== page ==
Additionally, it’s worth noting that the most recent revision to the Federal law that defines citizenship and naturalization, makes clear that, with certain exceptions that don’t apply here, a child born in the United States is a citizen of the United States from birth regardless of the citizenship of their parents. Specifically, in 8 USC 1401(a), it is made clear that “a person born in the United States, and subject to the jurisdiction thereof” is a citizen from birth. For purposes of statutory interpretation, “subject to the jurisdiction thereof” is taken to mean the same thing it does under the 14th Amendment, and it is clear from the applicable law that this includes children born to undocumented immigrants.
The most recent case from the Supreme Court dealing with the issues raised in Wong Kim Ark came in Plyer v. Doe 457 U.S. 202 (1982). That case made clear that the protections of the Equal Protection and Due Process Clauses of the 14th Amendment apply to undocumented immigrants and it found, not surprisingly, that the Court’s holding regarding what constitutes “jurisdiction” over an individual did not depend on whether or not a person was here legally or not. Justice William Brennan addressed this most succinctly in Footnote 10 of his majority opinion:
Although we have not previously focused on the intended meaning of this phrase, we have had occasion to examine the first sentence of the Fourteenth Amendment, which provides that “[a]ll persons born or naturalized in the United States, and subject to the jurisdiction thereof, are citizens of the United States . . . .” (Emphasis added.) Justice Gray, writing for the Court in United States v. Wong Kim Ark, 169 U.S. 649(1898), detailed at some length the history of the Citizenship Clause, and the predominantly geographic sense in which the term “jurisdiction” was used. He further noted that it was “impossible to construe the words `subject to the jurisdiction thereof,’ in the opening sentence [of the Fourteenth Amendment], as less comprehensive than the words `within its jurisdiction,’ in the concluding sentence of the same section; or to hold that persons `within the jurisdiction’ of one of the States of the Union are not `subject to the jurisdiction of the United States.'” Id., at 687.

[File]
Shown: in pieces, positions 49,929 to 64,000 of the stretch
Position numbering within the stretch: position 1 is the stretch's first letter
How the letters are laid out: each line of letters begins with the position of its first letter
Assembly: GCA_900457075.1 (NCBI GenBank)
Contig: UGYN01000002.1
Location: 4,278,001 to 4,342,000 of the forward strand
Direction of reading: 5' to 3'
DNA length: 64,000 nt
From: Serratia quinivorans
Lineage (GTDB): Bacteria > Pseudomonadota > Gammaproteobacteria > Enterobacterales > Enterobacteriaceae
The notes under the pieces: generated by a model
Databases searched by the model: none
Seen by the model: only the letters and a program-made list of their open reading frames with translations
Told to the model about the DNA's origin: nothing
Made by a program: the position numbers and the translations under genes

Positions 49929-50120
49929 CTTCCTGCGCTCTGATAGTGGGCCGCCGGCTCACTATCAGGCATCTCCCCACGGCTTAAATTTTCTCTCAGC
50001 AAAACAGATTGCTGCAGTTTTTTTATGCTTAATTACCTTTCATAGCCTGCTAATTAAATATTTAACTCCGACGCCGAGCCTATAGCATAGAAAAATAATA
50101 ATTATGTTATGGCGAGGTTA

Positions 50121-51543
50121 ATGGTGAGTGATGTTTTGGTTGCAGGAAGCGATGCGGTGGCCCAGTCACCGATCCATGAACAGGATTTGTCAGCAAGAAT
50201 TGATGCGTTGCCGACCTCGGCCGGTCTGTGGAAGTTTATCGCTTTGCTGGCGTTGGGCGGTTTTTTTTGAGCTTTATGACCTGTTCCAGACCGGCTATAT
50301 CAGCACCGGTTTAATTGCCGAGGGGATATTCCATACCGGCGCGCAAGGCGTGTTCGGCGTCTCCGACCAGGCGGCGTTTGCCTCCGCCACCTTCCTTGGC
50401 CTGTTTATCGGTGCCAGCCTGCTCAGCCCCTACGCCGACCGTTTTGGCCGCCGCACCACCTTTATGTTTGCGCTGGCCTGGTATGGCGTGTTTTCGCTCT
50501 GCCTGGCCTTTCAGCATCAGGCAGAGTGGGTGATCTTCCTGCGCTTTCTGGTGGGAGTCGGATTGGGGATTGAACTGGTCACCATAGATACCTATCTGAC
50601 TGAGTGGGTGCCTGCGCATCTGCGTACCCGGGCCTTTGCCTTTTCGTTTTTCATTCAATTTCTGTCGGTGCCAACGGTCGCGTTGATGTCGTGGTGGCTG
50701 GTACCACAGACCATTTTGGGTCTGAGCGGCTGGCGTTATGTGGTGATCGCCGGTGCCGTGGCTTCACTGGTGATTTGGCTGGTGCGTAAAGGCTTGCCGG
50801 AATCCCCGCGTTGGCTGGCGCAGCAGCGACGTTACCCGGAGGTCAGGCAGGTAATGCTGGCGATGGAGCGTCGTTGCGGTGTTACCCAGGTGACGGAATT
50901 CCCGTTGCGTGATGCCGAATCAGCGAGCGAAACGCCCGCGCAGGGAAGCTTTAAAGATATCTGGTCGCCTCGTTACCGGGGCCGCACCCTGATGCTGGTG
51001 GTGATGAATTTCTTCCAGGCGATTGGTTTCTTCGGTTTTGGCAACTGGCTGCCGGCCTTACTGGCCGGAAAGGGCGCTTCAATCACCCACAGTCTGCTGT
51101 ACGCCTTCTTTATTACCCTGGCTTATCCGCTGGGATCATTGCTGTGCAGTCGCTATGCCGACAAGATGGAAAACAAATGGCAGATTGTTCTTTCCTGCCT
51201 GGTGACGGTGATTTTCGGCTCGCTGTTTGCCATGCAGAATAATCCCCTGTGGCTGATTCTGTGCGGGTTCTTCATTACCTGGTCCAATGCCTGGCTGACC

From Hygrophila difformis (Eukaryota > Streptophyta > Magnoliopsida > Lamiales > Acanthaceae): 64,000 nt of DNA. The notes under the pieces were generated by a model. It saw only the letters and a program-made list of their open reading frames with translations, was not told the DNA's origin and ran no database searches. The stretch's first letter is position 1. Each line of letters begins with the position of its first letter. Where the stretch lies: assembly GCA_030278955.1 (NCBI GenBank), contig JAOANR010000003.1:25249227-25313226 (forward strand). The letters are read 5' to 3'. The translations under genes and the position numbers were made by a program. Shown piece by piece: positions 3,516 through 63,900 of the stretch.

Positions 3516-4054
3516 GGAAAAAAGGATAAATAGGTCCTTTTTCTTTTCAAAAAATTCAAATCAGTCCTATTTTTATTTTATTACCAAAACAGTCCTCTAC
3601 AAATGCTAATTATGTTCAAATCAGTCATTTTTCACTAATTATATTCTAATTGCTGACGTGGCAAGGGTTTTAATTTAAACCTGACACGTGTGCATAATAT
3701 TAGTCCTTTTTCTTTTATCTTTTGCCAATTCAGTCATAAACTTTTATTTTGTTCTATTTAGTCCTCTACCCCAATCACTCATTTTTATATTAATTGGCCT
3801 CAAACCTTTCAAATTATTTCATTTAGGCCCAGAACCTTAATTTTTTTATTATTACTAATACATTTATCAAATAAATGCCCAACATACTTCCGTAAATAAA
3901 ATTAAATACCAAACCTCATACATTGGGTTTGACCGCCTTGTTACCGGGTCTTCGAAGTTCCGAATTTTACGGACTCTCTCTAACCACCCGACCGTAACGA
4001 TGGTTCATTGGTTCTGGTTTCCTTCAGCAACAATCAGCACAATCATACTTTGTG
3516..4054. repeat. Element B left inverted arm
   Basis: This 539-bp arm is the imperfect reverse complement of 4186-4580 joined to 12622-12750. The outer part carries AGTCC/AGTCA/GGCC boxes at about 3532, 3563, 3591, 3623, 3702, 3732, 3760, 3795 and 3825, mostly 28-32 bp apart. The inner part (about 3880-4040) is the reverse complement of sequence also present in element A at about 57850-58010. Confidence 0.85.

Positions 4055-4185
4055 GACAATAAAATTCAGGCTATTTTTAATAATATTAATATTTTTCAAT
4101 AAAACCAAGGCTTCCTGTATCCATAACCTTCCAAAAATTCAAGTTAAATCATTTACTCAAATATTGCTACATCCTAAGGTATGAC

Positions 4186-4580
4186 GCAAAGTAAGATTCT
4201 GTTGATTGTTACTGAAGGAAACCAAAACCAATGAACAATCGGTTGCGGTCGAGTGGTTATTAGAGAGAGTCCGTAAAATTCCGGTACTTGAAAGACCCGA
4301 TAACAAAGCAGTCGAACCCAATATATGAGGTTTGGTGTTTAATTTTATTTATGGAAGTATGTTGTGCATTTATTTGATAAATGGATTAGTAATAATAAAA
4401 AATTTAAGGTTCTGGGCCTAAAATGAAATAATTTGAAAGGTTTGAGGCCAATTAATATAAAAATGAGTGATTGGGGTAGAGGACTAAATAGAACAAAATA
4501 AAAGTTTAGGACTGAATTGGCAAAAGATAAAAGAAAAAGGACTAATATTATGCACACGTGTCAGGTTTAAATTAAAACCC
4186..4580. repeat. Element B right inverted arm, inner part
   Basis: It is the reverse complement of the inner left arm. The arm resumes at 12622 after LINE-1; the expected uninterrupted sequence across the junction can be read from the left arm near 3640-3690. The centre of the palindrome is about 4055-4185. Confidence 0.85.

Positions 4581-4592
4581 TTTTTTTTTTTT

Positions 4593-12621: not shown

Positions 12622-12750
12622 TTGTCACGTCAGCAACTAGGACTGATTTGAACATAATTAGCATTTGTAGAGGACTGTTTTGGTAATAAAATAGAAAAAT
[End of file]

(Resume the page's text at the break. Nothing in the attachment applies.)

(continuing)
Justice Gray concluded that “[e]very citizen or subject of another country, while domiciled here, is within the allegiance and the protection, and consequently subject to the jurisdiction, of the United States.” Id., at 693. As one early commentator noted, given the historical emphasis on geographic territoriality, bounded only, if at all, by principles of sovereignty and allegiance, no plausible distinction with respect to Fourteenth Amendment “jurisdiction” can be drawn between resident aliens whose entry into the United States was lawful, and resident aliens whose entry was unlawful. See C. Bouve, Exclusion and Expulsion of Aliens in the United States 425-427 (1912).
The Court’s ruling in Wong Kim Ark and Plyler would seem to be in line not only with the plain language of the Amendment but also, comments made by one of the framers of the 14th Amendment when it was first pending in Congress:
The author of the 14th Amendment, Senator Jacob Merritt Howard of Michigan proposed the addition of the jurisdiction phrase and stated that it tracked what he believed was already the law of the land. As such, he stated,“This will not, of course, include persons born in the United States who are foreigners, aliens, who belong to the family of ambassadors, or foreign ministers accredited to the the Government of the United States, but will include every other class of persons.